Getting the Most out of zEDC Hardware Compression

Todd-Havekost

By Todd Havekost

One of the challenges our customers tell us they face with their existing SMF reporting is keeping up with emerging z/OS technologies. Whenever a new element is introduced in the z infrastructure, IBM adds raw instrumentation for it to SMF. This is of course very valuable, but the existing SMF reporting toolset, often a custom SAS-based program, subsequently needs to be enhanced to support these new SMF metrics in order to properly manage the new technology.

z Enterprise Data Compression (zEDC) is one of those emerging that is rapidly gaining traction with many of our customers, and for good reasons:

  • It is relatively straightforward and inexpensive to implement.
  • It can be leveraged by numerous widely used access methods and products.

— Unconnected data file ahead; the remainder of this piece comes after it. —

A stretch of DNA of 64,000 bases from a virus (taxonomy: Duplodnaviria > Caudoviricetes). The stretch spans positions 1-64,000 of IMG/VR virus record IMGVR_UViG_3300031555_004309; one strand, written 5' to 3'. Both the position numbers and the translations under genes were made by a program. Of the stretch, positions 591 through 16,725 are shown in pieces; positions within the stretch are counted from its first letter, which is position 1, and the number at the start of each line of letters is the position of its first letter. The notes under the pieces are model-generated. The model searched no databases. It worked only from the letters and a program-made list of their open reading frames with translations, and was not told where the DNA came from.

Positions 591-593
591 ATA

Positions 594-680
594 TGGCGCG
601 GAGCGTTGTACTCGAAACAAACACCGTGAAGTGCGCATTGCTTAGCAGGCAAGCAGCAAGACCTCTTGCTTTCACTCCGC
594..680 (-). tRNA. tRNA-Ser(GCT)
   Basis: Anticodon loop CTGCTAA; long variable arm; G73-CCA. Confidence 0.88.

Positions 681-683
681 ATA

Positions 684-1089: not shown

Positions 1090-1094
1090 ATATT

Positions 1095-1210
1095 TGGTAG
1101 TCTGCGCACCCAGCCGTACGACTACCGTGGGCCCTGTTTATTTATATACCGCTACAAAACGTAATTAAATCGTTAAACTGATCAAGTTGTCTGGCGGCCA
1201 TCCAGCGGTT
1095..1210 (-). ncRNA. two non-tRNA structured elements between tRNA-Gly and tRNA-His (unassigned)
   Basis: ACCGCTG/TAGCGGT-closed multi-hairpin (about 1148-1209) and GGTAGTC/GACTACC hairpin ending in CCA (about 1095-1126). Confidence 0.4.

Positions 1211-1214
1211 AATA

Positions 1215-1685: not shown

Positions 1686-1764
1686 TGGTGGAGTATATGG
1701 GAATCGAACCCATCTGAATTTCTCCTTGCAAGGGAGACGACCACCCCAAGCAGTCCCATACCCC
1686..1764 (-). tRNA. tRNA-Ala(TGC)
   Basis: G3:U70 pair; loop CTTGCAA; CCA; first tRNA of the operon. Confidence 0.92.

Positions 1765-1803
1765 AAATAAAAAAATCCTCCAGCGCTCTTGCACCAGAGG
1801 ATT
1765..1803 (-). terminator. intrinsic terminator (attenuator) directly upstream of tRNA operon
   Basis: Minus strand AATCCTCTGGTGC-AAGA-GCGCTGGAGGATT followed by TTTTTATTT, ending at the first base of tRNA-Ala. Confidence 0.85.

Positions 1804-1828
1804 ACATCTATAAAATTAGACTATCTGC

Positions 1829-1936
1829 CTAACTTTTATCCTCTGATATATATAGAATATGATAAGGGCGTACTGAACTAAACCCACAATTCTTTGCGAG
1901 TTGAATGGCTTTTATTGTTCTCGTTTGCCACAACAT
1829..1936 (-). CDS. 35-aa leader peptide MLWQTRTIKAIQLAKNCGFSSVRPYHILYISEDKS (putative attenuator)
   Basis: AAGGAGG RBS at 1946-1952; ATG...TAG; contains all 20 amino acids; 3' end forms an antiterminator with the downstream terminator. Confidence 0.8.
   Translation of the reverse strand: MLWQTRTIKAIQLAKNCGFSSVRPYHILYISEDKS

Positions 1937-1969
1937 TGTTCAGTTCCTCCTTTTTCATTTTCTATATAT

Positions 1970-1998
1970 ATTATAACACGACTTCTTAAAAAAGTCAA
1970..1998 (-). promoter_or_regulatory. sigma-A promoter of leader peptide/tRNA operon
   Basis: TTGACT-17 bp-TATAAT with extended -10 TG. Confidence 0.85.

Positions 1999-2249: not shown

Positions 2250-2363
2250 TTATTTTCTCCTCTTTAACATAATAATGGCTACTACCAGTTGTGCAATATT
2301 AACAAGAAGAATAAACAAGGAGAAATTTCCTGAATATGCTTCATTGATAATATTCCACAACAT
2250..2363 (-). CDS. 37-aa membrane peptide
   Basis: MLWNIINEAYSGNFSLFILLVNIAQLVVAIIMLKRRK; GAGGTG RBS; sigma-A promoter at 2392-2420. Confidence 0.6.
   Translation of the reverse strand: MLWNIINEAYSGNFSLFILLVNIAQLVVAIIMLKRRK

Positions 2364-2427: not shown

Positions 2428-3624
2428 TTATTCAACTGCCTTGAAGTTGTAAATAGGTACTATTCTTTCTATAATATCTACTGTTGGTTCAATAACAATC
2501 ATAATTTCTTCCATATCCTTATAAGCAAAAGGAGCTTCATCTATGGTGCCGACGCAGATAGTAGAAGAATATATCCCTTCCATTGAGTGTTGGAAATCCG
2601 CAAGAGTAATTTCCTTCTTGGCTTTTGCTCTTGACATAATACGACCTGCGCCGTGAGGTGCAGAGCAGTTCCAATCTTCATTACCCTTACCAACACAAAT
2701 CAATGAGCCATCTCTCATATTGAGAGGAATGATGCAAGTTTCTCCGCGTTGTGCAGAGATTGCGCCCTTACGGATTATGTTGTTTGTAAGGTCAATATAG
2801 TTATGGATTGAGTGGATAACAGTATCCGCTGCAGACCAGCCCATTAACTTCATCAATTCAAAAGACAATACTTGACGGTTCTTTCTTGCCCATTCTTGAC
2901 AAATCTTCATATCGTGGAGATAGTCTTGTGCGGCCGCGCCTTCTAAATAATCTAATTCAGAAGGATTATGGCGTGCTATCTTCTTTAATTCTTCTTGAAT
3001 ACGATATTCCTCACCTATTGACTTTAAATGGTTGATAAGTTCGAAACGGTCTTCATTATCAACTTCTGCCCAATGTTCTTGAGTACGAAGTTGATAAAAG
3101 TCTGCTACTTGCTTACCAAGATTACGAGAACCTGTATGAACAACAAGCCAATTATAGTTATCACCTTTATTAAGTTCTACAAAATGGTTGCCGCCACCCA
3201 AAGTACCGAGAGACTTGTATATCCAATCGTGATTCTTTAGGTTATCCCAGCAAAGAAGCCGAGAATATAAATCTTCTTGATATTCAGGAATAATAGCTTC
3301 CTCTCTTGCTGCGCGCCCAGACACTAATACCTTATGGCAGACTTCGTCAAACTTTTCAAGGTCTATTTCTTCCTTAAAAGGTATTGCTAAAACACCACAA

• It reduces disk storage requirements and I/O elapsed times by delivering good compression ratios.
  • The CPU cost is very minimal since almost all the processing is offloaded to the hardware.

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What Good is a zEDC Card?

BrettBy Dave Heggen

informatics inc: You Need Our Shrink!

The technologies involving compression have been looking for a home on z/OS for many years. There have been numerous implementations to perform compression, all with the desired goal of reducing the number of bits needed to store or transmit data. Hostbased implementations ultimately trade MIPS for MB. Outboard hardware implementations avoid this issue.

Examples of Compression Implementations

The first commercial product I remember was from Informatics, named Shrink, sold in the late 1970s and early 1980s. It used host cycles to perform compression, could generally get about a 2:1 reduction in file size and, in the case of the IMS product, worked through exits so programs didn’t require modification. Sharing data compressed in this manner required accessing the data with the same software that compressed the data to expand it.

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